Might it also explain contempt for authority and the distrust of government (viz. Berlusconi in the present context). Then there are the scandals involving the only hope of their salvation, the church.  Over a long history, there have been the ravages of wars, plagues, economic disasters and the impunity with which some forms of blatant dishonesty seem to prevail. As far as accepting regimentation and being compliant, Italians make cats look downright docile in accepting being herded. Is there any surprise of an inclination ‘to fundamentally look out for yourself because no one else can be counted on?’

What we are beginning to sense there may be an important component in the Italian extroverted personality to reach out and form a closely-knit protective cocoon around themselves.  As much as anything else, you need to know just whom you can trust.  The friends-of-friends is more than just a comfortable social relationship.  This is a tightly bound network based on the all-important element of trust.  Outside that circle is another dimension.  Outside, these are people you can’t be sure of.  It is not hard to develop feelings of mistrust – simply based on the absence of a reason to have trust.

There is a strong loyalty and absolute assurance of support and acceptance one gets primarily from family. Going out from the core is the next concentric ring of one’s closest friends.  And then comes the next circle of the familiar community. Italians have an expression about the place they feel most comfortable, their ‘home’ community, or the ‘Campanile,’ named from the parish church bell tower – the symbol of home that can be seen from a distance. This is where bonds of trust have been formed probably over generations.  This is where I can feel safe. Within the environment of the inner circle, a behavior considered inconsiderate would be labeled,  ‘Bruta Figura,’ to have brought disrespect upon yourself.  Within the circle of trust, friends-of-friends bestow exceptions to processes and exchange other favors to authenticate the bond that we are protecting each other.

Across a certain distance from the center of that kind of trust and comfort zone, it can become an environment where I can no longer feel my equities will be considered.  The further out from the inner circle of trust one goes, the lower the confidence of having mutual support.  So, if they aren’t watching out for me, why should I watch out for them? The lower one’s sense of security in a given situation, the lower the constraint barrier in exercising self interest over the interests of others. At a sufficient distance from the all-important inner circle, constraints become diluted and besides, ‘I just did it to them before they could do it to me.’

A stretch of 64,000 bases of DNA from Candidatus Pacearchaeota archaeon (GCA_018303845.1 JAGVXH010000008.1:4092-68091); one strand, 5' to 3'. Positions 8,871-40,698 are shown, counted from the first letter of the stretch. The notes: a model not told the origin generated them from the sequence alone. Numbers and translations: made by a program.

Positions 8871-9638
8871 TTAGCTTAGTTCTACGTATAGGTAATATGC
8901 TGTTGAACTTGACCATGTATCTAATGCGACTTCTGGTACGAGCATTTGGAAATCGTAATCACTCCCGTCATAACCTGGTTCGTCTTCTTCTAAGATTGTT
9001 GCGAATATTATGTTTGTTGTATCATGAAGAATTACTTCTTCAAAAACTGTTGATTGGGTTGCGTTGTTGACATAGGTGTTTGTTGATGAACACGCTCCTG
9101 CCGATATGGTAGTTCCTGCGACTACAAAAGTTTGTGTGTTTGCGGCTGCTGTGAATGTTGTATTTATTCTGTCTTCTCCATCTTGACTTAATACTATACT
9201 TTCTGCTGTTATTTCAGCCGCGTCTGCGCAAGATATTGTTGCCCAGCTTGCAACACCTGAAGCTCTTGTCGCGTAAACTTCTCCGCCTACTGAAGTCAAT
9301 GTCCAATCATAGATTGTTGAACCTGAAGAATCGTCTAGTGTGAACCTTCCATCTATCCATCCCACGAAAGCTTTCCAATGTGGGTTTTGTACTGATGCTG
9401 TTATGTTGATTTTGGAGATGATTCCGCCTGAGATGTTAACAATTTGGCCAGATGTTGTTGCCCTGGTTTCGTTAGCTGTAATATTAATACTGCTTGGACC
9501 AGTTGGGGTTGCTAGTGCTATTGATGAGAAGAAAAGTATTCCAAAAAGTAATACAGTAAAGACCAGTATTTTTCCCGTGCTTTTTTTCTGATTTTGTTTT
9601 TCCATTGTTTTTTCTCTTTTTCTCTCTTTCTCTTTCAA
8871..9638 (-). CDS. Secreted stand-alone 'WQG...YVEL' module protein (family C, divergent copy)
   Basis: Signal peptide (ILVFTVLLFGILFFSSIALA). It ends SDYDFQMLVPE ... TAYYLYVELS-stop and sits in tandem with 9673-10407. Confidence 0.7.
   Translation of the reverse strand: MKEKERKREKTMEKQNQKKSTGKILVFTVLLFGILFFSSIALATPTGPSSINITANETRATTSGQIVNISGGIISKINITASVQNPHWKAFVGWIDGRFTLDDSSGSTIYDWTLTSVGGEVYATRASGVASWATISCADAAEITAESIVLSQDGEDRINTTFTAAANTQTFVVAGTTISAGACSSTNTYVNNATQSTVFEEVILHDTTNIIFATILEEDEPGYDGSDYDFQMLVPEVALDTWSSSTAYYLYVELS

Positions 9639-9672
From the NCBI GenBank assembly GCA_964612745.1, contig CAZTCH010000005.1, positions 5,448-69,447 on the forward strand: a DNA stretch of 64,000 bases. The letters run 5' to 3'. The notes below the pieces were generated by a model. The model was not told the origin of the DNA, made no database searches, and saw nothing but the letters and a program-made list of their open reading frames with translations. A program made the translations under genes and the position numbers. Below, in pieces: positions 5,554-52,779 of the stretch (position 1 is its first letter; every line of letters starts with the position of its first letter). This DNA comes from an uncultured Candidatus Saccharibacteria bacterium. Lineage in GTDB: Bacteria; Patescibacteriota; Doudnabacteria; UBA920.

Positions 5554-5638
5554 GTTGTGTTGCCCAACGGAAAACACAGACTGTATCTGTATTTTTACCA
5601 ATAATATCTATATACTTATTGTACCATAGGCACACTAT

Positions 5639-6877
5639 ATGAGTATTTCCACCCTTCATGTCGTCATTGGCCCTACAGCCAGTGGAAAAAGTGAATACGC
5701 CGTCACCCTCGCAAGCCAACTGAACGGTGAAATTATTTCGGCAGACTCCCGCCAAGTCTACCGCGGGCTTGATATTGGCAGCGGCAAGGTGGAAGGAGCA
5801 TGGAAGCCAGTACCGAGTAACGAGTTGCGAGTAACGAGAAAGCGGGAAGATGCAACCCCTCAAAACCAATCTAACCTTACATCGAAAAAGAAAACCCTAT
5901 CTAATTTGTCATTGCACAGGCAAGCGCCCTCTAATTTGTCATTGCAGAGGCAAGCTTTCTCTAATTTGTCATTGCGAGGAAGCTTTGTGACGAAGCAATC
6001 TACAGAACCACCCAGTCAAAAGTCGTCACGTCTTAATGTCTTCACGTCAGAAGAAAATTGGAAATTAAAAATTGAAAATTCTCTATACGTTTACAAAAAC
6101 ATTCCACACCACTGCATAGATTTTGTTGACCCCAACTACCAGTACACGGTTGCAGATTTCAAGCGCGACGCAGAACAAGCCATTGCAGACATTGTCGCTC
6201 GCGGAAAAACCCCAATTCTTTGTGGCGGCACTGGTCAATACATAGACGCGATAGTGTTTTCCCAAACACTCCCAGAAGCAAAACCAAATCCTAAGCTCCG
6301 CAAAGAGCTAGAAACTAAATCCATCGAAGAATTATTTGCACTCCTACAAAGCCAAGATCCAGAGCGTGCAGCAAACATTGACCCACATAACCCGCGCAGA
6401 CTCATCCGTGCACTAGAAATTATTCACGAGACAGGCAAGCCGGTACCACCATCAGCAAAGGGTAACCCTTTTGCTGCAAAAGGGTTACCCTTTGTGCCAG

It appears even language patterns may reinforce the concept of ‘us vs. them.’  In spite of very increased mobility and interaction, Italian dialect can apparently be sufficiently different from towns and villages no more than ten kilometers apart to be able to identify a speaker as ‘other’ – not one of ‘us.’  Just as in the U.S., particularly among the younger generations who want to assimilate, there may be some inclination to ‘homogenize’ speech to minimalize difference.  But, particularly in the older generations, language difference is a badge of identity that reinforces who we are against an ever-encroaching world you just can’t trust.

Against this backdrop, we have been amazed at our reception here in Ascoli.  True, we have made it a point to make it known we chose Ascoli because this is where we want to be.  But we continue to be delighted that, by-and-large, the response we get is, ‘Welcome!’ Underlying it all, there is a strong sense of common community still alive here in Ascoli.  This also may explain why we feel so comfortable here. Do we see occasional inconsiderate behavior? – Of course we have.  But these are largely a friendly and considerate people and as time goes by, our circle of close mutual friends is growing. In starting to feel more like a part of the community ourselves we have a natural growing sense of comfort and security.  Nothing trumps the comfort and security of feeling accepted.

We are still watching and trying to absorb what is going on around us.  Perhaps it is the intensity with which we perceive Italians.  Their personalities are right out there. Perhaps that is why their positive attributes stand out so much. Then why wouldn’t it follow that the occasional negative might not also seem less than subtle? So, it will take awhile yet before we better understand what is really a contradiction in behavior and what is at root a difference in the long history that has determined what it is to be an Italian.